Surviving the Holidays: Some Tips for People in Recovery

For most people, the weeks between Thanksgiving and the New Year are a special time of joy and celebration. Yet, it can be an extremely difficult and stressful time for those who are just beginning to recover from addiction to alcohol and drugs. Spending the holidays in a shelter or residential recovery program is hard.

Here's a few simple thoughts that can make the experience a little more tolerable

A. Remember the spiritual significance of the holidays - This time of year is a major commercial event for America's retailers. It is also a time for special celebrations of family and goodwill. Still, we must remember that "Jesus is the Reason for the Season". Above all else, we are celebrating God's sending of His only Son to be our Savior and Redeemer. Keeping Christmas as a spiritual celebration puts all of our other expectations for the holiday season in proper perspective.

B. Don't isolate - The holidays can be the loneliest time of the year for the recovering addict. On one hand, we are reminded of all the relationships we've messed up. Some will spend Christmas haunted by memories loved ones and friends they've alienated with destructive and manipulative behavior. We know, too, if we want to keep our sobriety, we must avoid people who are still using alcohol and drugs. What's the solution? Take advantage of the new sober acquaintances God has brought your way. Reach out to those around you and use this holiday season s as a special opportunity to get to know them better.

C. Use the holidays as a special opportunity for making amends – Instead of dwelling on the failed relationships of your life, make a list of those people and consider ways to reconnect with them. While it is not always possible to make amends to all of them, there are probably a few of them, especially family members. Chance are some of them who would consider hearing from you a special gift this holiday season. Talk to a counselor or sponsor about this and get their input on taking this important step in your recovery process.

D. Give gifts from the heart - It's easy to feel a load of guilt and shame about not having resources to give presents and other tokens of love to those around you. There are other types of "gifts" that can just as meaningful: a simple card (even homemade) , a phone call or visit, lending a helping hand with a special project. There is a virtually unlimited number of ways to show people around you that you care that don't require a lot of cash. Be creative.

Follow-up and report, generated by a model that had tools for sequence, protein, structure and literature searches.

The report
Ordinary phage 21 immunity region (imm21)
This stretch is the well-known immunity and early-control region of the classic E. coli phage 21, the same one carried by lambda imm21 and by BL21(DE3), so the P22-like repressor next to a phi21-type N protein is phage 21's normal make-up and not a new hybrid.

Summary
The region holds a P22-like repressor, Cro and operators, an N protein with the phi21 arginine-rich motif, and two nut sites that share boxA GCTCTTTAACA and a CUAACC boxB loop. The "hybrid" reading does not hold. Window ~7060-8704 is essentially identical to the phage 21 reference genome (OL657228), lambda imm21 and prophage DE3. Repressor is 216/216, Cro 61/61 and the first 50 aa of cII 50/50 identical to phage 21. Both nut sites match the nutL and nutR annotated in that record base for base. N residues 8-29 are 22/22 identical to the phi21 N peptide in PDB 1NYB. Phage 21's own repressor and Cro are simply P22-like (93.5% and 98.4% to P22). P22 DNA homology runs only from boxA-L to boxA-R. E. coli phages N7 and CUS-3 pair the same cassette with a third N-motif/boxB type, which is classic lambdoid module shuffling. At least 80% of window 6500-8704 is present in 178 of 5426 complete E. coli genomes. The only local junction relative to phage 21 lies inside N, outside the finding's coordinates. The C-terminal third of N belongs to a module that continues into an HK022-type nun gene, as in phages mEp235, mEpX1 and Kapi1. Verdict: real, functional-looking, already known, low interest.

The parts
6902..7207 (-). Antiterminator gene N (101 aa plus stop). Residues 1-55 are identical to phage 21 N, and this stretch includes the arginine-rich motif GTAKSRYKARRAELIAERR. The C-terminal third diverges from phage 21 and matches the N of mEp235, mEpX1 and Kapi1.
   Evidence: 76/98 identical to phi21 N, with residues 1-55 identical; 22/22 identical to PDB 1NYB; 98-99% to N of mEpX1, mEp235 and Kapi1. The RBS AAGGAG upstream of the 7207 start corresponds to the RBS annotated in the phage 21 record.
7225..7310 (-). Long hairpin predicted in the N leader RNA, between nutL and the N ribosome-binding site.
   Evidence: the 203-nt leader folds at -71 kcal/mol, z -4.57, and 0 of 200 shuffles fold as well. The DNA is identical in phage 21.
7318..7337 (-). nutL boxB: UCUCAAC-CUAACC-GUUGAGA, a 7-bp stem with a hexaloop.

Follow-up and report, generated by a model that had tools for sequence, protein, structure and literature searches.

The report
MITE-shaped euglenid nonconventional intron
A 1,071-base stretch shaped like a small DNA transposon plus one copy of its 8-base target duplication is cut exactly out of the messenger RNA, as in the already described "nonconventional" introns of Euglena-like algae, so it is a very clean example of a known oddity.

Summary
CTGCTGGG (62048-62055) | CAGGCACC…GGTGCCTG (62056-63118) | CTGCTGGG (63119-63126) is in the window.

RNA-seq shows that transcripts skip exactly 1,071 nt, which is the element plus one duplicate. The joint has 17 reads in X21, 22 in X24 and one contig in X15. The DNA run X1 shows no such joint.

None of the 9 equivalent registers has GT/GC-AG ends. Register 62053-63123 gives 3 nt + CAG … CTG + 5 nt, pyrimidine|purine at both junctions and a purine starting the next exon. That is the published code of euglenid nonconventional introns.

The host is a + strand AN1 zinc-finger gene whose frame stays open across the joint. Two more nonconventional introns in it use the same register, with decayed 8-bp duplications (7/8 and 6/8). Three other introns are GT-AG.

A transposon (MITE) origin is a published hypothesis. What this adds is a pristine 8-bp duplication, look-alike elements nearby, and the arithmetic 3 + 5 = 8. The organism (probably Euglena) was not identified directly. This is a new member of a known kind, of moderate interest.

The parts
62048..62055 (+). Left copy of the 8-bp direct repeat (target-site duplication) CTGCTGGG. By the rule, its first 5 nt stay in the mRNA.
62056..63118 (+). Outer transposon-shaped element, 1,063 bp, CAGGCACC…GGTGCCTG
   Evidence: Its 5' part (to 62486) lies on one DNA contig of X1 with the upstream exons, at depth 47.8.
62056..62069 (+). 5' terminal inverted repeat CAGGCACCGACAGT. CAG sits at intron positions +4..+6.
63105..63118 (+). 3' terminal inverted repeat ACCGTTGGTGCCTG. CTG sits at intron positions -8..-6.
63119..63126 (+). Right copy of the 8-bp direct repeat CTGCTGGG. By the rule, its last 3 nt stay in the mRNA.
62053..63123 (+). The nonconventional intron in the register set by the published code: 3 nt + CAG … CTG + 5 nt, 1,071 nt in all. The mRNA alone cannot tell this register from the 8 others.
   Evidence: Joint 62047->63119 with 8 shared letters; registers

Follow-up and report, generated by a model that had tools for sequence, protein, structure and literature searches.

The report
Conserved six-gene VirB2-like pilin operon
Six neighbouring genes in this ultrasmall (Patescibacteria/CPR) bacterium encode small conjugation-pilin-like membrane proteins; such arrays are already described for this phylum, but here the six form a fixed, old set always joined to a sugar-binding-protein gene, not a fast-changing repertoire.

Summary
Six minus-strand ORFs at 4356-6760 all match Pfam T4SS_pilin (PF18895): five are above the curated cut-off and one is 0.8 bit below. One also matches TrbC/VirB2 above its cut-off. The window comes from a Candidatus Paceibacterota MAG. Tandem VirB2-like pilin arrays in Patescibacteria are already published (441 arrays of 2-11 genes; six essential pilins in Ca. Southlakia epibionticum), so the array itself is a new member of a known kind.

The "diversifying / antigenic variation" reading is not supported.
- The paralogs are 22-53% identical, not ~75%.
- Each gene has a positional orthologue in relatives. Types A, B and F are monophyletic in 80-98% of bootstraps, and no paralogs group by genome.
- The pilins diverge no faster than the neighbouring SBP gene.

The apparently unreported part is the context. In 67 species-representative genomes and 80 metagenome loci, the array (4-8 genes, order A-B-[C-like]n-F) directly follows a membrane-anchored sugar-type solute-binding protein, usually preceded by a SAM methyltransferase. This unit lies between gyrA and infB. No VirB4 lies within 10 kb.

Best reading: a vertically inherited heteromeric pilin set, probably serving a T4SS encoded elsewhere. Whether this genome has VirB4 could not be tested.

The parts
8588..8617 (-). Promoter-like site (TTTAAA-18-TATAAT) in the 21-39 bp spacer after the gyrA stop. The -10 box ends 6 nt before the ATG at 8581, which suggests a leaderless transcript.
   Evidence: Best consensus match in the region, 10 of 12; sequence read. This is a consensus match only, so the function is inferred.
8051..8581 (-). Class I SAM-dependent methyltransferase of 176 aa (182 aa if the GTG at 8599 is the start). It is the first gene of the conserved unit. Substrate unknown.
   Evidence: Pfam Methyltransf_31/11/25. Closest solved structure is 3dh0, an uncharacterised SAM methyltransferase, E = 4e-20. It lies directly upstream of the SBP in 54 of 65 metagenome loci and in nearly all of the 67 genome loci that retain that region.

E. Share your feelings - The holidays can bring back a host of confusing feelings and memories. Sometimes we're tempted to dwell on "good times" that involved drinking and drug use. For some, this time of year provokes painful childhood memories if we grew up in a troubled home. Others experience loads of stress, disappointment, and loneliness during the holidays. The worst thing to do is to keep all these feelings bottled up inside. Find trusted sober friends and support groups where you can share what is going on within you. This is a sure fire way to keep them in perspective and work through all these emotions in constructive and healthy ways.

F. Find healthy ways to celebrate the season – For some of us, it's hard to imagine a Christmas or New Year's Eve without alcohol and drugs. But, for newly sober people, this time of year can be a chance to rediscover how to have fun without mind-altering chemicals. Take a few moments to find out what is happening in the church and what other Christian and sobriety-based events are happening in your community – and participate in them!

G. Have realistic expectations - Most post-holiday disappointments are the result of expecting too much. Keeping Christmas as primarily a spiritual celebration also keeps our expectation in reality, too. We may find this holiday season is not the exciting and joyous experience others seem to make it out to be. Maybe no one seemed to have reached out to you in any special way. Maybe we did not handle all the stress of the holidays as we would have liked to. So what? Maybe making it through the holidays without using drugs or alcohol was the most significant thing we did. Yet, this, in itself, is a major accomplishment.

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Copyright by Michael Liimatta. All Rights Reserved.
Mr. Liimatta is the past President of Christians in Recovery®
and currently serves on its Advisory Counsel. He has been instrumental
in the program of Alcoholics Victorious for over 20 years. He is a Social Entrepreneur,
Consultant to Nonprofit Organizations with OneAccord, Chief Academic
Officer at City Vision College and has been involved
with drug and alcohol counseling and recovery education for 30 years.
Visit his web site

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